Nature Reserves in Kenilworth
There are four local nature reserves in Kenilworth all with their own small eco-system.
You will see the cattle grazing on this walk and the fields are used for taking off hay crops in the traditional fashion.
Is a reserve with butterfly conservation at its heart with a recorded 25 species making their home here.
Is an ancient woodland with glades, ponds and ditches. Mature chestnuts, oaks and other ancient species are maintained in the woodland as they were in years gone by.
In the centre of Kenilworth sits the common which is an open heathland with small eco-system pockets being slowly established to maintain species such as the common lizard and glow worms.
Stoneleigh Abbey and Stoneleigh Park
Stoneleigh Abbey stands beside the River Avon, the lands granted to Cistercian monks by King Henry II in 1154. The Monastery was dissolved by King Henry VII and turned into a family home for the Leigh’s.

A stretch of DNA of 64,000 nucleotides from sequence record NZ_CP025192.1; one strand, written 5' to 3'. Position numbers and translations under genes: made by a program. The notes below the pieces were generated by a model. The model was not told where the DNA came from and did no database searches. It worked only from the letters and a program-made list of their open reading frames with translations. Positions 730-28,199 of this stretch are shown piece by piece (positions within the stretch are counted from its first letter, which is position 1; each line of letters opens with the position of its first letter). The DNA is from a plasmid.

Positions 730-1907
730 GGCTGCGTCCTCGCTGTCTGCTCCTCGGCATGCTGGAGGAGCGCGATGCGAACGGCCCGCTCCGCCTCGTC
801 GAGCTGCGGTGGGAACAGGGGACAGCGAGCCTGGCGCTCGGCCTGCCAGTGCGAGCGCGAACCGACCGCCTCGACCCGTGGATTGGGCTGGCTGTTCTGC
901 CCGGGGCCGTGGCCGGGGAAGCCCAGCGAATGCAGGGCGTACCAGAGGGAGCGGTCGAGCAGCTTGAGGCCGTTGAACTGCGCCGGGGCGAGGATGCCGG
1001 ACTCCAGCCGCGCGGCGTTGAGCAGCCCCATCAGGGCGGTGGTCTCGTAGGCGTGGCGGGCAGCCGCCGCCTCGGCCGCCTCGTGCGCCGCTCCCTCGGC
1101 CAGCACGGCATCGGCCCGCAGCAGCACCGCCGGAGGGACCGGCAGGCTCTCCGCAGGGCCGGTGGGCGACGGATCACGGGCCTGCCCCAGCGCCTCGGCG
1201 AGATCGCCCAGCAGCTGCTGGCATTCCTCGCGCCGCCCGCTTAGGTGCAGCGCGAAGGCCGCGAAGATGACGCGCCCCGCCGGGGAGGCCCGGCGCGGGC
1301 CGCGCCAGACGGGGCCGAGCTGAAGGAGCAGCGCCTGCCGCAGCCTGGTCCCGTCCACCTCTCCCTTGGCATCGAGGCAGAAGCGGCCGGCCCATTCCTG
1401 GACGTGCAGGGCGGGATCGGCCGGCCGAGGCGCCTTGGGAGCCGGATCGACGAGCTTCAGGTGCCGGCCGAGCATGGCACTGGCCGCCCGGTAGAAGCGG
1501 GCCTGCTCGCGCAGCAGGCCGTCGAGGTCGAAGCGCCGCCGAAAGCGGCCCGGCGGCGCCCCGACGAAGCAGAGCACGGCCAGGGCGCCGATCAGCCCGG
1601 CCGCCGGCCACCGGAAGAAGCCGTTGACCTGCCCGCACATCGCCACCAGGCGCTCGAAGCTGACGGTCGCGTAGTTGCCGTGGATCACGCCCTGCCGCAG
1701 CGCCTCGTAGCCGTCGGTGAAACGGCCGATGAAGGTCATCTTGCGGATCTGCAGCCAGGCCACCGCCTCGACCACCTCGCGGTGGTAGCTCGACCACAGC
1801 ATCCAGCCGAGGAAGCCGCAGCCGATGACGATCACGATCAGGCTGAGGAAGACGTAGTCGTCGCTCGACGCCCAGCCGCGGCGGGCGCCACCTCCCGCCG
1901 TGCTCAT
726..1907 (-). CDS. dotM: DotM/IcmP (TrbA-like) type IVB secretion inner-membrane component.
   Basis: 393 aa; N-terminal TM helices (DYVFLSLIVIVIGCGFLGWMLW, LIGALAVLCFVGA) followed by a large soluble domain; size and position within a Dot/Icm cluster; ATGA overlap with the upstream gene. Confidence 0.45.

This English Mansion House is comprised of two halves; the first, made of red sandstone, is a fine example of a Jacobean house, built from the ruins of the monastery. The second, the West Wing, was designed by famous architect Francis Smith of Warwick in the Baroque style. Stoneleigh has played host to several people of note, including King Charles I, Queen Victoria, and novelist Jane Austen. It is believed that Jane Austen modelled her novel Mansfield Park after Stoneleigh.
Humphry Repton was a distinguished landscape gardener; unlike Capability Brown (who landscaped the grounds of Warwick Castle) he favoured an uncluttered sweep of lawn, Repton re-introduced more formal items around a house such as flower beds, terraces and balustrades.
Repton created red leather-bound books with his watercolours detailing the gardens as they were to be laid out. One of his finest Red Books is Stoneleighs and is on display in the house.
Stoneleigh also contains a lovely tearoom where you can enjoy an Elizabeth Bennet (Jane Austen’s mother) tea for just £25.95 per person (which includes your grounds entry ticket).
The house and grounds can be viewed by guided tours which run Sunday-Thursday at 11.30pm & 2.30pm. Tickets £6.00 for adults and if you would like a house tour add on another £6.00 it’s worth it.